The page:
\begin{gather*} C_{V}= V / \sqrt{g\cdot b } \end{gather*}
Step 3 – Equivalent flat plate lift coefficient
\begin{gather*} C_{Lb}= \frac{ρ\cdot g \cdot D_{V}}{1/2 \cdot ρ \cdot V^2 \cdot b^2} \end{gather*}
Step 4 – Lift coefficient for a finite deadrise

Depending on the deadrise angle β, the lift coefficient for a finite deadrise is calculated from the flat plate lift coefficient as per the following formula.

\begin{gather*} C_{Lβ}= C_{Lb} – 0.0065\cdot β \cdot{C_{Lb}}^{0.6} \end{gather*}
Step 5 – P/B Ratio

Furtherly the P/B ratio shall be calculated, considering that P is the distance from the aft of the vessel to the longitudinal center of gravity (LCG).

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Step 6 – Mean wetted length-beam ratio:

The mean wetted length-beam ratio λ, shall then be obtained from Koelbel’s curves as per below figure.

\begin{gather*} λ= L_{m} / b \end{gather*}
Step 7 – Trim of vessel in Equilibrium

Then the vessel’s trim in quilibrium is calculated by using the Savitsky formula as follows.

\begin{gather*} C_{Lb}= {τ}^{1.1} \cdot (0.0120 \sqrt{λ} + 0.0055λ^{5/2}/C_{V}^2) \end{gather*}

τ is the trim angle, deg;
λ is the mean wetted length-beam ratio as per Step 6;

Step 8 – Keel-wetted length ratio

Calculate the keel-wetted length ratio following the formula below.

\begin{gather*} λ_{k}= λ-0.03+\frac{1}{2}(0.57+\frac{β}{1000})(\frac{tanβ}{2tanτ}-\frac{β}{167}) \end{gather*}
Step 9 – Is the vessel fully planing?

Check whether the vessel is fully planing with the following relation.

\begin{gather*} λ_{k} ≤ \frac{L_{WL}}{b} \end{gather*}

If the relation is true then the vessel is fully planing, i.e., the bow is clear of water, or else it is not. If it is fully planing, then the method is valid. Otherwise, this method is not applicable for vessels not fully planing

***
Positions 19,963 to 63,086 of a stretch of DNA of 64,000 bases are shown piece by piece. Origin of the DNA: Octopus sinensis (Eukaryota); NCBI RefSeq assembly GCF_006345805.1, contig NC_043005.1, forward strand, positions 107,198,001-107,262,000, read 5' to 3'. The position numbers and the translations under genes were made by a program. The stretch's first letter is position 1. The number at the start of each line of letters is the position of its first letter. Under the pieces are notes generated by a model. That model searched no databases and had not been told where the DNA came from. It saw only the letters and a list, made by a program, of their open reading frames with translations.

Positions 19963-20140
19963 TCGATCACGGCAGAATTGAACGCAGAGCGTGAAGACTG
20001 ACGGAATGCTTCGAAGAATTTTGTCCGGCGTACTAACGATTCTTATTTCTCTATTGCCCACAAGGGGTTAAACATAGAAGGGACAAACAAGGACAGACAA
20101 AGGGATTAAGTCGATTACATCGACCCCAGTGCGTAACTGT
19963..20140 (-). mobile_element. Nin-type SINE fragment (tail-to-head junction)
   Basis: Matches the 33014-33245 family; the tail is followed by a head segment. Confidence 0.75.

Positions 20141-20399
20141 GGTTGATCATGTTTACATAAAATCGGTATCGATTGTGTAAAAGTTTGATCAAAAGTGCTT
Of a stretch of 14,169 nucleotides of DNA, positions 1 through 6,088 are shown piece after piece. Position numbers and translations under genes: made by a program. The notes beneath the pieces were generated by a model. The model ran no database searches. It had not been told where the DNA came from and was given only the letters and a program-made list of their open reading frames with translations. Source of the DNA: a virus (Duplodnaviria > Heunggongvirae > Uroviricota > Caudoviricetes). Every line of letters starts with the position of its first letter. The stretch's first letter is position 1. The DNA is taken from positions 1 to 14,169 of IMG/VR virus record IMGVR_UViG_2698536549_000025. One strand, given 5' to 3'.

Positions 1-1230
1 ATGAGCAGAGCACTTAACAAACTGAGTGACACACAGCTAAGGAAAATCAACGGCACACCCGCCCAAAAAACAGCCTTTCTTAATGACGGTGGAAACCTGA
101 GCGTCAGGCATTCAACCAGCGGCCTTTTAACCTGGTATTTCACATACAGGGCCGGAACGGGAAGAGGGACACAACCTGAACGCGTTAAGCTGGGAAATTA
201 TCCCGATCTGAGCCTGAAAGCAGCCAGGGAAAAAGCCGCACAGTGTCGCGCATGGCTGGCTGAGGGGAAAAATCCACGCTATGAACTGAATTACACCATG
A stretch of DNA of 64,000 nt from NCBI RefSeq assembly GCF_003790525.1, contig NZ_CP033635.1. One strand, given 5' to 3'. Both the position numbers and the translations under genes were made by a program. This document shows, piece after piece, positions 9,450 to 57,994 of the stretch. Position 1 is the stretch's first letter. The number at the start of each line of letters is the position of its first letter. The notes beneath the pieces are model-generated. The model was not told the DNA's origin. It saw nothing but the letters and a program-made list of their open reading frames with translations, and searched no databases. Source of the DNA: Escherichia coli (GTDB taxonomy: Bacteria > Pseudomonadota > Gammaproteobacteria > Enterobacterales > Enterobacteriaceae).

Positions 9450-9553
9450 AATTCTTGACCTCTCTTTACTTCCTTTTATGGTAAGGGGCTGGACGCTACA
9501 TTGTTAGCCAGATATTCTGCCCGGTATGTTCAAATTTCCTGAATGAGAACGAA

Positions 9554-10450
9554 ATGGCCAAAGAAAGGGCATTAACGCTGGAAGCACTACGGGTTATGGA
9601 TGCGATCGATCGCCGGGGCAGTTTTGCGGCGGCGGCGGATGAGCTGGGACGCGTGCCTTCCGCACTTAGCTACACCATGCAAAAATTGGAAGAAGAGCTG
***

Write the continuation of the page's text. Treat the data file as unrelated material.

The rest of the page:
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Step 10 – Vessel Resistance

At last, the estimation of the planing vessel resistance can be obtained from the following expression.

\begin{gather*} R_{τ} ≤ Wtanτ+\frac{1/2\cdotρ\cdot V^2 \cdot λ \cdot b^2 \cdot C_{FO}}{cosτ \cdot cosβ} \end{gather*}

W is displacement;
CFO is calculated from ITTC Line, using the following formula;

\begin{gather*} C_{FO} = \frac{0.075}{(log_{10} R_{n} -2)^2} \end{gather*}

With, Rnb as follows;

\begin{gather*} R_{n_{b}} = \frac{V_{1}\cdot λ \cdot b}{v} \end{gather*}


\begin{gather*} V_{1} = V\cdot (1- \frac{0.0120τ^{1.1}}{\sqrt{λcosτ}})^{1/2} \end{gather*}

Overall, the resistance of a vessel holds immense importance in the design stage of a vessel. Therefore, Ship Nerd has put together the above 10 steps to quickly estimate the resistance following the empirical method. It is recommended to seek professional advice before executing any activity which draws on the information mentioned in this post.

Source: Principles of Naval Architecture Second Revision, Volume II Resistance, Propulsion and Vibration read more